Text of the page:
A Question of Royalties – Part Two

When thinking about royalties, taxes and you as an entrepreneur or business person, keeping yourself up-to-date on the laws and rules is very important to protect your IP and your business. Did you receive your payment within 30 days of your quarterly or annual payment date? If not, that’s not the norm. You’re entitled to audit the accounting ledgers to make sure you’re getting your proper entitlement. If you find that you have been undeservingly misled, you may be entitled to five percent or more of your costs.

When you receive your royalty payments, how does the IRS view them? They are viewed as income. Do your homework on what is allowable as an independent businessperson, but note that there are some allowable deductions when it comes to royalties:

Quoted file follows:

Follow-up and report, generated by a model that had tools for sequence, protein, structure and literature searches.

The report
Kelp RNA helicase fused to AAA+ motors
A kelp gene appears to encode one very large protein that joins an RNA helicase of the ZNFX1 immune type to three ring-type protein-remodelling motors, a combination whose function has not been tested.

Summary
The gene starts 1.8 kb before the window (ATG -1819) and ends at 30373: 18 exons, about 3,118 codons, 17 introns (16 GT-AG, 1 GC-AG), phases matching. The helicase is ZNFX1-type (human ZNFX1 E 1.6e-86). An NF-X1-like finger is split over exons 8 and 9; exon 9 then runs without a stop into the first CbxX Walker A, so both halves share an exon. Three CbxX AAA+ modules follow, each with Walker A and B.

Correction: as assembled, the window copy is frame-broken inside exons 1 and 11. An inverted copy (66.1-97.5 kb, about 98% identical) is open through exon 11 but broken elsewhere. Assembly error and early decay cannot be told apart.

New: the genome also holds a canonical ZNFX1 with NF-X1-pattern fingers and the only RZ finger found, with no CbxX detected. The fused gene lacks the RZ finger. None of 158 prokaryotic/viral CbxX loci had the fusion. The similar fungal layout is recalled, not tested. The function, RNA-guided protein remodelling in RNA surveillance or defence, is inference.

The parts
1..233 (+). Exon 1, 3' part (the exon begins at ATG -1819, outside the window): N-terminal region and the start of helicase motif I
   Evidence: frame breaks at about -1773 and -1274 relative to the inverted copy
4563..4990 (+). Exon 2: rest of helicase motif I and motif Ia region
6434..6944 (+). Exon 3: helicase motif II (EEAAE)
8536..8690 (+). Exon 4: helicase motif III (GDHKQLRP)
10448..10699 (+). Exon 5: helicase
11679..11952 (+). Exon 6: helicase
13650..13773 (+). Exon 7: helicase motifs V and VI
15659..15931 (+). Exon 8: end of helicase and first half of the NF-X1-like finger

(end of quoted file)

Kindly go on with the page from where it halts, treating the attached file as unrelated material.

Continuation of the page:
•Duties and sales taxes that were actually incurred and paid by the licensee;
•Normal and usual discounts actually granted;
•Feeds paid to the licensee associated with packing, shipping and insurance of products sent to individual customers.

Since royalties are personal property, they are transferable to heirs. Ever see the movie “Giant”? Luz transferred land rights to James Dean’s character, Jett. He drilled on the land and became a millionaire. This is parallel to the days in which Great Britain’s Crown owned all the mineral-rich mines in the country and miners would have to pay the royal family a “royalty” to mine them. To further illustrate the point, an energy company using a private citizen’s land to drill for oil or find minerals would be subject to the same scrutiny. In exchange for the mineral rights, the landowner receives a royalty payment based upon a percentage of the yield.

If you are new to the receiving end of this income stream, do your homework. If not, make sure you do your due diligence of hiring an attorney.

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